The network's first exclusive original show was The Moxy Show, an animation anthology series first airing in 1993. The first series produced by Cartoon Network was Space Ghost Coast to Coast in 1994, but the show consisted of "recycled animation cells" from

Horezu Monastery

The Horezu Monastery or Hurezi Monastery was founded in 1690 by Prince Constantin Brâncoveanu in the town of Horezu, Romania. It is considered to be a masterpiece of "Brâncovenesc style", known for its architectural purity and balance, the richness of its sculpted detail, its treatment of religious compositions, its votive portraits, its painted decorative works; the Brâncovenesc style, which can be found at several other churches and monasteries in Wallachia, is the only true and original Romanian style and is called "Brancoveanu art" by the name of the ruler who, in a period of constant battles between the world powers of that time, put cultural development of the country above everything and made it the goal of his life. The monastery has been inscribed by UNESCO on its list of World Heritage Sites. List of World Heritage Sites in Romania UNESCO World Heritage List - Horezu entry Hurezi Monastery at

Super Minkowski space

In mathematics and physics, super Minkowski space or Minkowski superspace is a supersymmetric extension of Minkowski space, sometimes used as the base manifold for superfields. It is acted on by the super Poincaré algebra. Informally, super Minkowski space can be thought of as the super Poincaré algebra modulo the algebra of the Lorentz group, in the same way that ordinary Minkowski spacetime can be viewed as the cosets of the ordinary Poincaré algebra modulo the action of the Lorentz algebra; the coset space is affine, a nilpotent anti-commuting behavior of the fermionic directions arises from the Clifford algebra associated with the Lorentz group. The underlying supermanifold of super Minkowski space is isomorphic to a super vector space given by the direct sum of ordinary Minkowski spacetime in d dimensions and a number N of real spinor representations of the Lorentz algebra; however this construction is misleading for two reasons: first, super Minkowski space is an affine space over a group rather than a group, or in other words it has no distinguished "origin", second, the underlying supergroup of translations is not a super vector space but a nilpotent supergroup of nilpotent length 2.

This supergroup has the following Lie algebra. Suppose that M is Minkowski space, S is a finite sum of irreducible real spinor representations. There is an invariant symmetric bilinear map from S×S to M, positive definite in the sense that the image of s×s is in the closed positive cone of M, is nonzero if s is nonzero; this bilinear map is unique up to isomorphism. The Lie superalgebra has M as its part, S as its odd or fermionic part, the Lie bracket is given by; the dimensions of the irreducible real spinor representations for various dimensions d of spacetime are given by the following table: The table repeats whenever the dimension increases by 8, except that the dimensions of the spin representations are multiplied by 16. In the physics literature, Minkowski spacetime is specified by giving the dimension d of the bosonic part, the number of times N that each irreducible spinor representation occurs in the odd fermionic part. In mathematics, Minkowski spacetime is sometimes specified in the form Mm|n where m is the dimension of the part and n the dimension of the odd part.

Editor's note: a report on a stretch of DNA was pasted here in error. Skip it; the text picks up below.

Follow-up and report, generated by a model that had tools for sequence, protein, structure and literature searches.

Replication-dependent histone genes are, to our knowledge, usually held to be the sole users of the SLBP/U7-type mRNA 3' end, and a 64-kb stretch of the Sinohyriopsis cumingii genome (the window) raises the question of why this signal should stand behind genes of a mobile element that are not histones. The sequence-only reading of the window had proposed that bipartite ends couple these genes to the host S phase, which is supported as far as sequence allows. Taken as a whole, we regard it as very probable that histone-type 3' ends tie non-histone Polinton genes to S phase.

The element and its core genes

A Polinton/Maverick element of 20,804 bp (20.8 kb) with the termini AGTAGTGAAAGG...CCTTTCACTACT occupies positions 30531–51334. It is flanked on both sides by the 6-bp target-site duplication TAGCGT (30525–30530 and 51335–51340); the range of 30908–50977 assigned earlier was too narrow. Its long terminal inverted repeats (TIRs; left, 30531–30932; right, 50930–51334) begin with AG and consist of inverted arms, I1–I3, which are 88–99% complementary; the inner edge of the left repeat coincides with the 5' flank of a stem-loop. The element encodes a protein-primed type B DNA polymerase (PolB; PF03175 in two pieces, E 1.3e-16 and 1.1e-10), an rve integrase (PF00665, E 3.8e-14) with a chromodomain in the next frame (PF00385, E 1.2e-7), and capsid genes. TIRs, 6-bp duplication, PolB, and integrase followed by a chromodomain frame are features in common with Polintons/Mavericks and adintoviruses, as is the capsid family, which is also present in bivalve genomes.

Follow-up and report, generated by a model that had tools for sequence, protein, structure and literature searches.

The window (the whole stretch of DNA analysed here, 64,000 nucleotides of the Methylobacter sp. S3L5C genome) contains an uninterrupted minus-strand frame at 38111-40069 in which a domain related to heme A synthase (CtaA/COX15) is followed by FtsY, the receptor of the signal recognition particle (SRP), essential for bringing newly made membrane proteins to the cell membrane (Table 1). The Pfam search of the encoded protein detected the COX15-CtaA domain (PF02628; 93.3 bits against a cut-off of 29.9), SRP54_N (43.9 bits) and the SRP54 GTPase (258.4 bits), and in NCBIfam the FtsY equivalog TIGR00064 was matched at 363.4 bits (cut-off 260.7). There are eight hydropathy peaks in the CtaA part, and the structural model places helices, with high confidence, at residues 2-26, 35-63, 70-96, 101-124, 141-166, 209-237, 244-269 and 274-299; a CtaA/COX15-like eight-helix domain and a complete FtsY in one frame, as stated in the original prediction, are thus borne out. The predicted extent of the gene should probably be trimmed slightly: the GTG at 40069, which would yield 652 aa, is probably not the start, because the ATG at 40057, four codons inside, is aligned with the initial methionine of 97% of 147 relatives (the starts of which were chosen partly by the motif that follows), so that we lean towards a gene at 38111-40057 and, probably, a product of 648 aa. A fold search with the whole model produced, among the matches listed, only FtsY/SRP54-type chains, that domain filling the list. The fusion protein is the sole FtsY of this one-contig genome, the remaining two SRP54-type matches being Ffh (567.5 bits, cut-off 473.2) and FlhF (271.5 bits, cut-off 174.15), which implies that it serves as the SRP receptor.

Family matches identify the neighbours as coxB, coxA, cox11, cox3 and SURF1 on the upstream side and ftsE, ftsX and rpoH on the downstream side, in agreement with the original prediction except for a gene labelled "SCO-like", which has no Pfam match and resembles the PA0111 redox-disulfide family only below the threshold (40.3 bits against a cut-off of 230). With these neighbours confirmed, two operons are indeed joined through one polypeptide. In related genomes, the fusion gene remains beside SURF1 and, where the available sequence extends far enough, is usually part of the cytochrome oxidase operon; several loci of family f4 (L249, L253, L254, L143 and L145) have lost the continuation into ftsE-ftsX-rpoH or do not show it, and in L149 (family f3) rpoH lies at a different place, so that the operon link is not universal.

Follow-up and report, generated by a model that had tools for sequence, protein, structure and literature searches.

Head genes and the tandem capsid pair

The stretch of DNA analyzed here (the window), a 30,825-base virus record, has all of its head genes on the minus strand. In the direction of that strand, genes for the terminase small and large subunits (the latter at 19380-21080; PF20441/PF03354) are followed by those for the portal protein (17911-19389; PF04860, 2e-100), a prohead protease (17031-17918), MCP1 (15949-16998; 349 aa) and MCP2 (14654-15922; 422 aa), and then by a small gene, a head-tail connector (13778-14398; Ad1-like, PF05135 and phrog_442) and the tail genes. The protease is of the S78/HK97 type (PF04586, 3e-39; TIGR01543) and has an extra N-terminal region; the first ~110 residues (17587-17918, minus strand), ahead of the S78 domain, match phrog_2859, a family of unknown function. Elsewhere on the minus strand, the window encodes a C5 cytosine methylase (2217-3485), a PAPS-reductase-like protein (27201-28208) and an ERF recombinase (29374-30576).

The relation is as follows: the integer d in the physics notation is the integer m in the mathematics notation, while the integer n in the mathematics notation is a power of 2 times the integer N in the physics notation, where the power of 2 is the dimension of the irreducible real spinor representation. For example, the d = 4, N = 1 Minkowski spacetime is M4|4 while the N = 2 Minkowski spacetime is M4|8; when the dimension d or m is 2 mod 4 there are two different irreducible real spinor representations, authors use various different conventions. In physics the letter P is used for a basis of the bosonic part of the Lie superalgebra, the letter Q is used for a basis of the complexification of the odd fermionic part, so in particular the structure constants of the Lie superalgebra may be complex rather than real; the basis elements Q come in complex conjugate pairs, so the real subspace can be recovered as the fixed points of complex conjugation. Deligne, Pierre. Edward, Quantum fields and strings: a course for mathematicians, Vol. 1, Providence, R.

I.: American Mathematical Society, pp. 41–97, ISBN 978-0-8218-1198-6, MR 1701597